Tuesday, October 30, 2007
In the course of foraging for blogging material, I decided to look at Dennis Prager's column about his experience as a speaker for the conservative "Islamo-Fascism Awareness Week" campaign when I saw a link to it for the third time. I give it a mixed review.
... [T]hey saw a decent man, a sometimes funny guy, and heard a low-keyed, intellectual speech that contained not one word of gratuitous hatred.Prager here demonstrates the power of politeness, an issue I once touched on here, but in a way I hadn't considered at the time: Why play the part your opponents want to assign to you when simply by acting benevolent and civilized you demonstrate to the people who count -- thinking adults -- that you are likely a man of substance?
First, I found his experience as a campus lecturer instructive: It is worth mentioning that following my lecture, the student who wrote the column comparing me to a Ku Klux Klanner came over to me and said he was writing a column of apology to me and asked to be photographed with me. This is not surprising. Students at most universities are almost brainwashed into being leftist -- and the way they are taught to disagree with their political opponents is by using ad hominem attacks. Conservatives are described over and over as mean-spirited, war-loving, greedy, bigoted, racist, xenophobic, Islamophobic, homophobic, sexist, intolerant and oblivious to human suffering.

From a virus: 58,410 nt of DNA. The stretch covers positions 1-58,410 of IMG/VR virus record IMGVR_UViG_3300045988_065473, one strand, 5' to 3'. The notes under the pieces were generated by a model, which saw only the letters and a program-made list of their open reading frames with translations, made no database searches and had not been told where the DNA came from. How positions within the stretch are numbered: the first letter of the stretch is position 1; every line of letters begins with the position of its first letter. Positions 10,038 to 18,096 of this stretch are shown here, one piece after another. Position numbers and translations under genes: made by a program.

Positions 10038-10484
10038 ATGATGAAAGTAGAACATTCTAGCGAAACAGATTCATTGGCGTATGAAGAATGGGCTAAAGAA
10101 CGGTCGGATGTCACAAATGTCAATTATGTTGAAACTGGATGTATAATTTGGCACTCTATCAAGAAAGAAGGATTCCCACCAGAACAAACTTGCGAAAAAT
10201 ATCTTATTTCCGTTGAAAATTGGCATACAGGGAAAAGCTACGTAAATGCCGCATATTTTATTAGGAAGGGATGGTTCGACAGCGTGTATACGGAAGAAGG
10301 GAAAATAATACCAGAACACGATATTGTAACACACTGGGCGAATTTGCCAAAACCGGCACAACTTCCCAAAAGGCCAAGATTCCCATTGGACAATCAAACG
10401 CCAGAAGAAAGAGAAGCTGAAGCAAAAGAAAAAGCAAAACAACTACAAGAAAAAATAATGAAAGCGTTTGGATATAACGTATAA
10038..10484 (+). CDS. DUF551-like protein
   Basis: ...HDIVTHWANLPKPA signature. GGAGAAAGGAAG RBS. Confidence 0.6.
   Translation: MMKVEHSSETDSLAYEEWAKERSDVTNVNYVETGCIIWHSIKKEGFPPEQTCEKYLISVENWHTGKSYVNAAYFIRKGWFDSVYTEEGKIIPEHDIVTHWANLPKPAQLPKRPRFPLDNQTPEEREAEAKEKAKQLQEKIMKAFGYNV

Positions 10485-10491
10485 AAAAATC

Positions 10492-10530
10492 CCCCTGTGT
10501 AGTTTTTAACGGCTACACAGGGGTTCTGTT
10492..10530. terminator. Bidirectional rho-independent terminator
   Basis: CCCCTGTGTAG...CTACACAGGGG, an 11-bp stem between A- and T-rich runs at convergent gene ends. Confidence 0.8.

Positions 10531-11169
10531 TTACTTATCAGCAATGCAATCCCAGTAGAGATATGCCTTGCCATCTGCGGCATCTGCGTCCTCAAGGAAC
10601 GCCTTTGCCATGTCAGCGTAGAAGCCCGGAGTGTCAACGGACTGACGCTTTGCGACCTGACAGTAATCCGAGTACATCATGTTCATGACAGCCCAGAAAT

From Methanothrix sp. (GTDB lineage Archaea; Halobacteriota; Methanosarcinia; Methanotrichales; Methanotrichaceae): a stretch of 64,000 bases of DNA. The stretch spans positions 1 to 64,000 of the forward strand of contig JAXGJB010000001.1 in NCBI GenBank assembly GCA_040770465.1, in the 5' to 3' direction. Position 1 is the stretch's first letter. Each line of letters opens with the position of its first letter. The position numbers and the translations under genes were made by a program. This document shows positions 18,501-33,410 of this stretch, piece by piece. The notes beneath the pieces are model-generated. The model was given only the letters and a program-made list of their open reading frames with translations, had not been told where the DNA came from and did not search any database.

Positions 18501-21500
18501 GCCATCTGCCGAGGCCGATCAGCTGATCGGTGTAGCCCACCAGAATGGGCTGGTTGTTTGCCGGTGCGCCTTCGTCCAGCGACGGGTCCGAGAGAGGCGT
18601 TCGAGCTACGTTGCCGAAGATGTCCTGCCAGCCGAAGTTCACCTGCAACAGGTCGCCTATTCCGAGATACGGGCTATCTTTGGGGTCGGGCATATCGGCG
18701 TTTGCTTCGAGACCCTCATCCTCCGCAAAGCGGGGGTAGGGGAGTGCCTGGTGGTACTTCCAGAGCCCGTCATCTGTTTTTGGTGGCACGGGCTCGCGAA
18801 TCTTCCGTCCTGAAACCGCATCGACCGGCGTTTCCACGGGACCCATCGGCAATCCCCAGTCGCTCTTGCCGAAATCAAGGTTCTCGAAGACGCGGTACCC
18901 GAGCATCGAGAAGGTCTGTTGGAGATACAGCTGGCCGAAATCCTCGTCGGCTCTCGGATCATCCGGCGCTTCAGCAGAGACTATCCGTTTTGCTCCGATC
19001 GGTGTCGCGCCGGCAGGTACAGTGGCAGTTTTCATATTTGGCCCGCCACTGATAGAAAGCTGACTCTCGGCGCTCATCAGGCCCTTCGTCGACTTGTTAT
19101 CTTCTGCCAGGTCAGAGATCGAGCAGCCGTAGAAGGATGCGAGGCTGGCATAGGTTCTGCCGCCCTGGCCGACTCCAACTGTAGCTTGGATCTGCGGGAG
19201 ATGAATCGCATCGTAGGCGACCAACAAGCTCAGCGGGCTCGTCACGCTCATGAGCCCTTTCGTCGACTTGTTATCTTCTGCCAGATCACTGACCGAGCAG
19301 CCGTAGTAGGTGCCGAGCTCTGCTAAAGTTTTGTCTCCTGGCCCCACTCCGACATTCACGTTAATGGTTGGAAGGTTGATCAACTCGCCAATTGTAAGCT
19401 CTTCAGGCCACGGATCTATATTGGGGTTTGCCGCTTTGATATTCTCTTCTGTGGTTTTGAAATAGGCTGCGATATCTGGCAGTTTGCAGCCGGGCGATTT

Such ad hominem labels are the left's primary rhetorical weapons. So when leftist students are actually confronted with even one articulate conservative, many enter a world of cognitive dissonance. That is one reason why universities rarely invite conservatives to speak: they might change some students' minds. [bold added]
Having said that, it's too bad that conservatives are increasingly becoming indistinguishable in their political goals from the left, as Cal Thomas and Newt Gingrich so openly admit. The chief difference between left and right these days would appear to be whether we should allow Islamists to establish a theocracy or establish a Christian one ourselves. And yet, clearly, there is a market for a real alternative. I guess I'll work to help fill that void.
But back to Prager....
Toward the end end of his column, he discusses the validity of the term "Islamo-Fascism". I think the term Islamic totalitarianism is better because fascism is only a specific kind of totalitarianism (and not really the right one at that), but that is beside the point:
First, the term is not anti-Muslim. One may object to the term on factual grounds, i.e., one may claim that there are no fascistic behaviors among people acting in the name of Islam -- but such a claim is a denial of the obvious.So far so good.
So once one acknowledges the obvious, that there is fascistic behavior among a core of Muslims -- specifically, a cult of violence and the wanton use of physical force to impose an ideology on others -- the term "Islamo-Fascism" is entirely appropriate. [bold added]